In gross violation of child labor laws, children as young as 12, are now working at dangerous jobs around the country. They are working in factories, some late into the night at machinery like fast-moving pulleys and gears that have torn off fingers and ripped open a women’s scalp.
They are migrant children who crossed the border without their parents who now work at machinery that packages household products that nearly all Americans are familiar with.- cereals like Lucky Charms and Cheerios, granola bars like Nature Valley and Chewys. They work for Hearthside Food Solutions that packages the products and ships them across the United Sates.
The practice takes us back about a hundred years before the enactment of state and federal child labor laws that outlawed the dark days of the early industrial revolution when children were exploited in record numbers in factories. And a number of states, instead of outlawing the practice, are passing laws legalizing it. The latest to do so was Arkansas under recently elected Governor Sarah Huckabee Sanders, Donald Trump’s one-time press secretary.
A recent report in the NY Times detailed the exploitation of children now working at cut-rate wages. They are the 15 year-olds at Hearthside Food Solutions, the 12 year-olds fixing roofs in Florida and Tennessee, and the underage slaughterhouse workers in Mississippi, North Carolina and Delaware. They work on overnight shifts at wood sawing machines in South Dakota. They build walls around vacation homes in Hawaii and run milking machines in Vermont. They are 13 year-old-girls that wash hotel sheets in Virginia and wash dishes in restaurants across the country.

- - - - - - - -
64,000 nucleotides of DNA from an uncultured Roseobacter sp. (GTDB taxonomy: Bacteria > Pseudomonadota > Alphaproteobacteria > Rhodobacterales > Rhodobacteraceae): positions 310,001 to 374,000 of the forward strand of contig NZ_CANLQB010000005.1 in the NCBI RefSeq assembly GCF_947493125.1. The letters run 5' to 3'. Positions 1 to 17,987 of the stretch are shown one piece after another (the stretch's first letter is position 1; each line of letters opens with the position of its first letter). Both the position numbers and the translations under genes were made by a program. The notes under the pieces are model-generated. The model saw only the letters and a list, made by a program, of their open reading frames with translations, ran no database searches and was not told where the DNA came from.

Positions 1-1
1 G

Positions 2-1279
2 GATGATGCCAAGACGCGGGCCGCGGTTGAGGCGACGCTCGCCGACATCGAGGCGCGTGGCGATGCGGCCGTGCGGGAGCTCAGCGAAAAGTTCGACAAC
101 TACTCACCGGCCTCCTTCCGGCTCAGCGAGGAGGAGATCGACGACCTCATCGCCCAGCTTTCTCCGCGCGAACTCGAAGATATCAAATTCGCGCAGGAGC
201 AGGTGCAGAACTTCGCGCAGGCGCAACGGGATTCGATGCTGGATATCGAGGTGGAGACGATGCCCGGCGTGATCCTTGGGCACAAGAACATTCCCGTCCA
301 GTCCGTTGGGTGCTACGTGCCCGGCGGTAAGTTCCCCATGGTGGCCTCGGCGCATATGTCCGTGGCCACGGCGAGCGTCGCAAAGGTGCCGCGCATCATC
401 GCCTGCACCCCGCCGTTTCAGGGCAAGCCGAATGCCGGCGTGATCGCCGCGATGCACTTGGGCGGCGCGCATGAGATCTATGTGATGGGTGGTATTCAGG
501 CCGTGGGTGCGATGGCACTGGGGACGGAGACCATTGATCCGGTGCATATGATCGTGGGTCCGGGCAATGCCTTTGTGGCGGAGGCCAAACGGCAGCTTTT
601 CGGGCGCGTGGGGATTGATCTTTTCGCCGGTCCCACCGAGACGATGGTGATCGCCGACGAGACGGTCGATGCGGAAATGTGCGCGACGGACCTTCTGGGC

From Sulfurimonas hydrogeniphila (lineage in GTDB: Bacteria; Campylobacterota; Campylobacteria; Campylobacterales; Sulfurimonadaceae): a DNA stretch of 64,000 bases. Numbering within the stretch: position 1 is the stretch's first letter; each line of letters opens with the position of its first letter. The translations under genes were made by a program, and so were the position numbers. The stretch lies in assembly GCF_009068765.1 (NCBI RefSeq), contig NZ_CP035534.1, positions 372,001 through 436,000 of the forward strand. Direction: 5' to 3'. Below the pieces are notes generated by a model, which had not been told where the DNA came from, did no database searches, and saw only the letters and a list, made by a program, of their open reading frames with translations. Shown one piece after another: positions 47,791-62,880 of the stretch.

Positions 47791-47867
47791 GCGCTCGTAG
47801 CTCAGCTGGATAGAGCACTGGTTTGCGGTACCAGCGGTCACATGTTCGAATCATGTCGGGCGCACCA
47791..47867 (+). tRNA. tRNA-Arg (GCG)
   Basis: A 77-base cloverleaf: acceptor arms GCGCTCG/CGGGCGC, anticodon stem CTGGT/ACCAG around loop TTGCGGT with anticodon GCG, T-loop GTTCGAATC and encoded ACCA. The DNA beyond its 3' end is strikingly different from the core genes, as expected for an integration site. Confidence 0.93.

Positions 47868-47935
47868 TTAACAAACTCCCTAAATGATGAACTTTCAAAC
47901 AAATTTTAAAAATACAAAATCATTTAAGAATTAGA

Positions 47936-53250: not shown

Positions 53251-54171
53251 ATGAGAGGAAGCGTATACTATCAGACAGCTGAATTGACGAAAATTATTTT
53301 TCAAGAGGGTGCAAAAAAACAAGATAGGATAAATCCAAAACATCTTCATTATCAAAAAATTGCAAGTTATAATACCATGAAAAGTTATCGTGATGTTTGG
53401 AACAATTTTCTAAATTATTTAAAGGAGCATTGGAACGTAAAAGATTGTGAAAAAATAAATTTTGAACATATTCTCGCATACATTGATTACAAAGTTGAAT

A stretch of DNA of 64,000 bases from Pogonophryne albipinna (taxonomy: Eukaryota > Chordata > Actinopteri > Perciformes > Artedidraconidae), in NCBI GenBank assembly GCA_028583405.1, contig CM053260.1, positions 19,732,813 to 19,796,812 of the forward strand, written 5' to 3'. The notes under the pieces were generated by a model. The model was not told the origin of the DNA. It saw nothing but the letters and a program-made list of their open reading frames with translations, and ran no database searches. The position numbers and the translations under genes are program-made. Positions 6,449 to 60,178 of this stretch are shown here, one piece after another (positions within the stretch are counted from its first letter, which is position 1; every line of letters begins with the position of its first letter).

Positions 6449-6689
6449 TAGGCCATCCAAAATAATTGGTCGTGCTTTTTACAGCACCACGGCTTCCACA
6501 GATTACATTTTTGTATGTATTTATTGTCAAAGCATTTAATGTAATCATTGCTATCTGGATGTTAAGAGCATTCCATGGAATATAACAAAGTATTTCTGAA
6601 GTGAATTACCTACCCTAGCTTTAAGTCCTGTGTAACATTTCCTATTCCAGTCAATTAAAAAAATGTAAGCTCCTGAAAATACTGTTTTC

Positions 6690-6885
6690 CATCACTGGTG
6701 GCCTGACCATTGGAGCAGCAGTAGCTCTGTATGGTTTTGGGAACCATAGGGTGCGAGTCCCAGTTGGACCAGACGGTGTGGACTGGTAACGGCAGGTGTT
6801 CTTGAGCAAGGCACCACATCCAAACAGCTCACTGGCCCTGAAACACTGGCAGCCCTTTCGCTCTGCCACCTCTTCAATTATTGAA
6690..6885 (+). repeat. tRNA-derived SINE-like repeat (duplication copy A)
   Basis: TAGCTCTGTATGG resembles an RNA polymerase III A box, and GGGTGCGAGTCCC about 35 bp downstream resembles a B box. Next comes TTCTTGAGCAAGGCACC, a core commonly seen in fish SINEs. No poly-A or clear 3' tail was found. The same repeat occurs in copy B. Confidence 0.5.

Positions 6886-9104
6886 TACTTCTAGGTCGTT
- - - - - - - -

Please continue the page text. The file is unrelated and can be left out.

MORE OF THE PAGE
“In many parts of the country,” reports the Times, “middle and high school teachers in English-language learner programs say it is now common for nearly all their students to rush off to long shifts after their classes end.
“Migrant child labor benefits both under-the-table operations and global corporations,” The Times found. “In Los Angeles, children stitch ‘Made in America’ tags into J. Crew shirts. They bake dinner rolls sold at Walmart and Target, process milk used in Ben & Jerry’s ice cream and help debone chicken sold at Whole Foods. As recently as the fall, middle-schoolers made Fruit of the Loom socks in Alabama. In Michigan, children make auto parts used by Ford and General Motors.”
For a full report on this new labor atrocity, click on the link below.